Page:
“We reckon that these are the first dolls to be made in London since Victorian times,” says Alice Taylor, co-founder of Makie Labs, as she strokes the voluminous red hair of the latest Makie doll to be assembled in its cramped Shoreditch workshop.
“We can’t actually prove that, of course,” she adds, laughing, “but we’ll keep saying it until someone challenges us.”
The Makie she’s cradling is the offspring of a fortuitous marriage between 3D printing technology and online gaming, and it’s tearing up the rule book of toy manufacturing. These dolls are designed online by children, for children, using the same kind of interface that they would use to create an avatar in an online game. Crucially, that avatar goes on to lead a double life, participating in online games, but is also printed out as 3D parts, assembled, dressed, made up and shipped to your door. Sixty per cent of these dolls are currently being sent across the Atlantic to excitable American children, but visitors to UK toy outlets such as Hamleys are now, in the run-up to Christmas, waking up to the burgeoning Makie phenomenon.
“The idea stemmed from imagining if the characters from World of Warcraft, Second Life and so on could be made real,” says Taylor. “I used to work at Channel 4, commissioning digital content for kids, and I found myself at this event in New York which had a digital conference upstairs and a toy fair downstairs. There was no evidence of any crossover between the two and I started wondering if you could make an avatar into a doll using 3D printing.”
Taylor’s 2011 prototype, drawn on paper, constructed using 3D modelling software and printed in Belgium for €220 (£176), proved that it was possible, but transforming that idea into a functioning business would require the nascent technology to become cheaper, faster and better. “For the first 18 months,” says Taylor, “everyone was saying, ‘No, you can’t do that. If you’re going to make dolls you’ve got to involve Chinese factories.’”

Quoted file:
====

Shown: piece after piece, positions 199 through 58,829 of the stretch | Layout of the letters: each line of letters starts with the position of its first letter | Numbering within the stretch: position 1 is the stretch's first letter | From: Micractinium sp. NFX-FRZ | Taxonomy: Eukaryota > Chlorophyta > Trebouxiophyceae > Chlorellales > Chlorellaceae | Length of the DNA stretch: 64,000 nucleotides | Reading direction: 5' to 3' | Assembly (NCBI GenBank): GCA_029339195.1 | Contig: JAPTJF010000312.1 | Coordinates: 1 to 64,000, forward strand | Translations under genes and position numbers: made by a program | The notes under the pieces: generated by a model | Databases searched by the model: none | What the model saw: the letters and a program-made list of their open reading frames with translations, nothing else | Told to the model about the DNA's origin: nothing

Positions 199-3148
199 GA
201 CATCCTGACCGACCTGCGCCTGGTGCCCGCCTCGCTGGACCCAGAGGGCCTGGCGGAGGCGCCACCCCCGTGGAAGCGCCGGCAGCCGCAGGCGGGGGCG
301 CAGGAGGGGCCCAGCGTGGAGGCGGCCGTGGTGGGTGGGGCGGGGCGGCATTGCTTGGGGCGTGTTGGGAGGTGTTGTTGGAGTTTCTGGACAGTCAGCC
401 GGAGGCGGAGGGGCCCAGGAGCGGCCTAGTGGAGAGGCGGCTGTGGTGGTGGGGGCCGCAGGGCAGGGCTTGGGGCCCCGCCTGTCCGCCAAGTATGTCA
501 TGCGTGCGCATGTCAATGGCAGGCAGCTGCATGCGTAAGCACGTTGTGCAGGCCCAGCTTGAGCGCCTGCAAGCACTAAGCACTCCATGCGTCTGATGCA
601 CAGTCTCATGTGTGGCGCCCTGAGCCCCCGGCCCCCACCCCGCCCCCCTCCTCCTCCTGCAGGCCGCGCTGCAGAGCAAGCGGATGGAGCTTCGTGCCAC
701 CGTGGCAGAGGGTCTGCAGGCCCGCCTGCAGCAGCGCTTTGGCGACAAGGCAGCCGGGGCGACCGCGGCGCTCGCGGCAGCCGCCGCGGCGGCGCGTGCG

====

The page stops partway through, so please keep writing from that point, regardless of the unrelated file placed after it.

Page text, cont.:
Taylor’s colleague, Jo Roach, recalls asking 3D printing companies if they’d consider printing dolls. “They’d been making bits of aeroplanes or whatever,” she says, “and we walked in with a consumer product and they laughed us out of the room.”
Fast forward a year or so, however, and big toy manufacturers began calling Makie Labs to find out what exactly they were up to. “I think it scared them a bit,” says Roach. “We were making dolls without using any of the established routes; working totally under the radar.”
Independent toy manufacturers are few and far between. While start-ups might pitch ideas to industry giants such as Hasbro, any dreams they might have of making their own toys are inevitably shattered at the point where they look into the logistics. “Toy manufacturing is an enormous machine and it all happens in the Far East,” says Taylor. “Making the moulds is hugely expensive, the best factories are tied up by the biggest companies and the lead times are incredibly long. People tend not to have a spare £150,000 and a working relationship with Toys R Us. So they just sell the idea.” 3D printing, however, made it possible for Makie to produce the items quickly. Their first dolls, printed under a dentist’s surgery in the West End of London, went on sale in mid-2012 at £99 each. They sold a hundred in a fortnight.